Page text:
This game’s boss fights are notoriously frustrating. Google literally any boss in this game and you’ll find message board posts where players are plaintively asking for some liferaft to cling to. Most frequently the advice they receive is some variant of “this fight sucks, just keep trying. It’s luck.” Bosses may attack four or even five times with area of effect attacks, including ones that can hit multiple unions. There’s no recovery from this. Sometimes there are tactics around just having most of your team do nothing, and waiting for someone to drop so one union in reserve can revive them and another can step into the breach. This makes the fight drag on forever, but since the directives you can give your unions every turn are situational, you might not even be able to employ this cheesy strategy. I’ve had a number of boss encounters where I failed four or five times, only for the sixth attempt to go smoothly because the boss opted to forego his most devastating capabilities.
In a normal JRPG, you can deal with this kind of pettiness by going off to grind your party, but this game foregoes a normal levelling system, instead providing an unknowable “Battle Rank.” Battle Rank doesn’t make your character stronger; it’s just an arbitrary metric of their overall strength. Strength instead comes from the stat boosts that may be earned at the end of battles, usually influenced by what the individual unit did during the fight. Take a lot of hits and your HP might go up. Attack physically and you might gain Strength. So while there are known strategies for boosting stats, they are carefully formulated to avoid the other awful quirk of this game’s combat: scaling enemies. Increase your Battle Rank too much and you might find yourself with bosses that are simply too strong to beat. It sucks, and I hate it. It means you have to try to not get too strong while still getting strong enough to deal with your foes.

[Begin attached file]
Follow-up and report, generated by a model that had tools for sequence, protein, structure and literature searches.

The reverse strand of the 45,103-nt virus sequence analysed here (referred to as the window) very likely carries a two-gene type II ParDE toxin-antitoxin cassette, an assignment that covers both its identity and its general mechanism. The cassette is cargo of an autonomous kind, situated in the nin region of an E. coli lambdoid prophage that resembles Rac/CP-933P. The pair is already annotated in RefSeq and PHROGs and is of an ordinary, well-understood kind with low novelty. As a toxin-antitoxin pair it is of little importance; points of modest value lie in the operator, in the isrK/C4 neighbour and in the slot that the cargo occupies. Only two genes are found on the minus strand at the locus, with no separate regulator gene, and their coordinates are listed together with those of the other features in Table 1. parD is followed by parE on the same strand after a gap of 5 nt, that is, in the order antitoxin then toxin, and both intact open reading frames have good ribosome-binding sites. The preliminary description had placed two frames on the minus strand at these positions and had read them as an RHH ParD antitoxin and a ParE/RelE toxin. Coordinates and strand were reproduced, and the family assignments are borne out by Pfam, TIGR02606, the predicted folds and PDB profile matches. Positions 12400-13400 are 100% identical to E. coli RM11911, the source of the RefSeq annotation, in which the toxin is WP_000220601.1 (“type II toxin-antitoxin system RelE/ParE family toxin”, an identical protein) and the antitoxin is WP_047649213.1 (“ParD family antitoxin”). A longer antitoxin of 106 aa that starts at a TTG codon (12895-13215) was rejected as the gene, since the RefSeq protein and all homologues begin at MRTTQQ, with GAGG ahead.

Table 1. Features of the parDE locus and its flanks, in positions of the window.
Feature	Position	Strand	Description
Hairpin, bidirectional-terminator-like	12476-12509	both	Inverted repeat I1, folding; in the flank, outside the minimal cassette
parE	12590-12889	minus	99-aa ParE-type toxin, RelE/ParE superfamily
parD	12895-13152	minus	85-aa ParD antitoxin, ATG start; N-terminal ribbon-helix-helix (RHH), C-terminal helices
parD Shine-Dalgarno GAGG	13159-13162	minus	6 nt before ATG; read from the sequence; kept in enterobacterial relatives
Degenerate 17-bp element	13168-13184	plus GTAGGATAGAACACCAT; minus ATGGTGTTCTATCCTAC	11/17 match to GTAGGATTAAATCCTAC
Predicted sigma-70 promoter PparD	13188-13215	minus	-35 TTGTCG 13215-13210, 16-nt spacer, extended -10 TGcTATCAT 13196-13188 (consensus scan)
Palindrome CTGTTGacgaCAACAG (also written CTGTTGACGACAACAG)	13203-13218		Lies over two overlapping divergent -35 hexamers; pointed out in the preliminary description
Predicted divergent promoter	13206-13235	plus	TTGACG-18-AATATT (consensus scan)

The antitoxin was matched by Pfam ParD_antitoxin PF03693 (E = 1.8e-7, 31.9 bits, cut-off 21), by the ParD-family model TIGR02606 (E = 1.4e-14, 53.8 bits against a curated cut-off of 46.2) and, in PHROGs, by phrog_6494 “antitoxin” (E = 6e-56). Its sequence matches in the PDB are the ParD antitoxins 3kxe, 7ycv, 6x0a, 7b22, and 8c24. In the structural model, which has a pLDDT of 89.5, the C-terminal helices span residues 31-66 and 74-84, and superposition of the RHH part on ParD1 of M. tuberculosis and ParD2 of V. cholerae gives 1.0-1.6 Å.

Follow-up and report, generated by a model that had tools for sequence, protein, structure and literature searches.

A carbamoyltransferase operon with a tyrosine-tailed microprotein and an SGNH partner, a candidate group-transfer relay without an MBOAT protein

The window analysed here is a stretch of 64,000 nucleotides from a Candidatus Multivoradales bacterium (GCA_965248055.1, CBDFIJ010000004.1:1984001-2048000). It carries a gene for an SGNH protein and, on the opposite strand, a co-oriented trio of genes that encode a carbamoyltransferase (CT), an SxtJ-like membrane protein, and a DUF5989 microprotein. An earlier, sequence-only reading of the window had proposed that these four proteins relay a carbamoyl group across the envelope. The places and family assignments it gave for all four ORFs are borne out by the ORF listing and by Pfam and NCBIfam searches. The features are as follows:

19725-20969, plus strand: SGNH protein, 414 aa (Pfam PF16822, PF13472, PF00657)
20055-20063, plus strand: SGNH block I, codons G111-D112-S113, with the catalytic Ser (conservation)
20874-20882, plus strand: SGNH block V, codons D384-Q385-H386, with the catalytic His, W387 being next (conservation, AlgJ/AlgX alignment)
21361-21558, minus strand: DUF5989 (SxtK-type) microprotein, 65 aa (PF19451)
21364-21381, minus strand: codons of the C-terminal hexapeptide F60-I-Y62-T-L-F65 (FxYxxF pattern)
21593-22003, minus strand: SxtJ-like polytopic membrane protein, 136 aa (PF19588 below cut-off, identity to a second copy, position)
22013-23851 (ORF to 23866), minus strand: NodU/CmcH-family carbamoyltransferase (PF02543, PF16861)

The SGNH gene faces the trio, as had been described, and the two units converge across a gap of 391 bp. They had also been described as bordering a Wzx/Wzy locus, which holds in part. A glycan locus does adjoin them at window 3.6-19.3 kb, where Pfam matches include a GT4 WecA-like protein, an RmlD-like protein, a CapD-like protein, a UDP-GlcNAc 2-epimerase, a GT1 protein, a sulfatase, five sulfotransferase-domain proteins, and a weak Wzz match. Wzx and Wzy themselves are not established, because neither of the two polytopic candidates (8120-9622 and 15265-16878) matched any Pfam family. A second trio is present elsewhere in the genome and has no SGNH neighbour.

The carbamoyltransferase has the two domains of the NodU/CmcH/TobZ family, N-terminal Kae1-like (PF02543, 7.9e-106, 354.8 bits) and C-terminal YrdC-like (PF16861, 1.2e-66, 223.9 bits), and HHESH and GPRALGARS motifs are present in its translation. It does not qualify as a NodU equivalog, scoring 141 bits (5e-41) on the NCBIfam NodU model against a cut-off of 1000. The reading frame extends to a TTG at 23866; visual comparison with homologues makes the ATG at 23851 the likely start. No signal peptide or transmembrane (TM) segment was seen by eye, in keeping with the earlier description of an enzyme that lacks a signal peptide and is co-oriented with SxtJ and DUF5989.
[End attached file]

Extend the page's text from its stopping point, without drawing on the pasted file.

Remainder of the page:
This is a lot to say that the combat system feels unbalanced. The idea of big battles is appealing. Even a decade later, it’s cool to see 20 members of your army crowd around a boss after their lackeys are dropped. When things are working fairly, you can usually recover, and the challenge feels right, the system enjoyable. Unfortunately, there’s just too many situations where hope is elusive.
Everything else there is to say about the game is secondary to this system. Yes, the world has a ton of cities and dungeons, but there’s an overwhelming sameness to it all. Dungeons are just endless corridors of gray and brown, and require a ton of busy work to traverse. Cities feel lifeless, and while artistically distinct from one another are functionally indistinguishable. The game performs better than the originally 360 release, but the game did not age well. Character faces are particularly bad, and animations are amusingly robotic. There are a huge number of quests, but they’re all variations on the same few styles. For every pro this game has going for it, there’s at least one con. Even the expansive and well-done score contrasts with the hammy voice acting and cheesy dialog.
The Last Remnant feels like it was originally an experiment. The team wanted to know if the new capabilities of a new hardware generation could fundamentally change the scope of JRPGs in every conceivable way. Unfortunately, the “new hardware” was 2005’s Xbox 360. This game had issues at launch, particularly it’s unbalanced combat system, but over a decade later these issues stand in stark relief. Ultimately, even if everything else were great, and the combat system worked exactly like they wanted, the game would still feel unfair. And in a 100+ hour JRPG, that constant grinding unfairness will poison any joy a game can create. There are times where I enjoy playing it, but always know a kick in the teeth is lurking around the corner.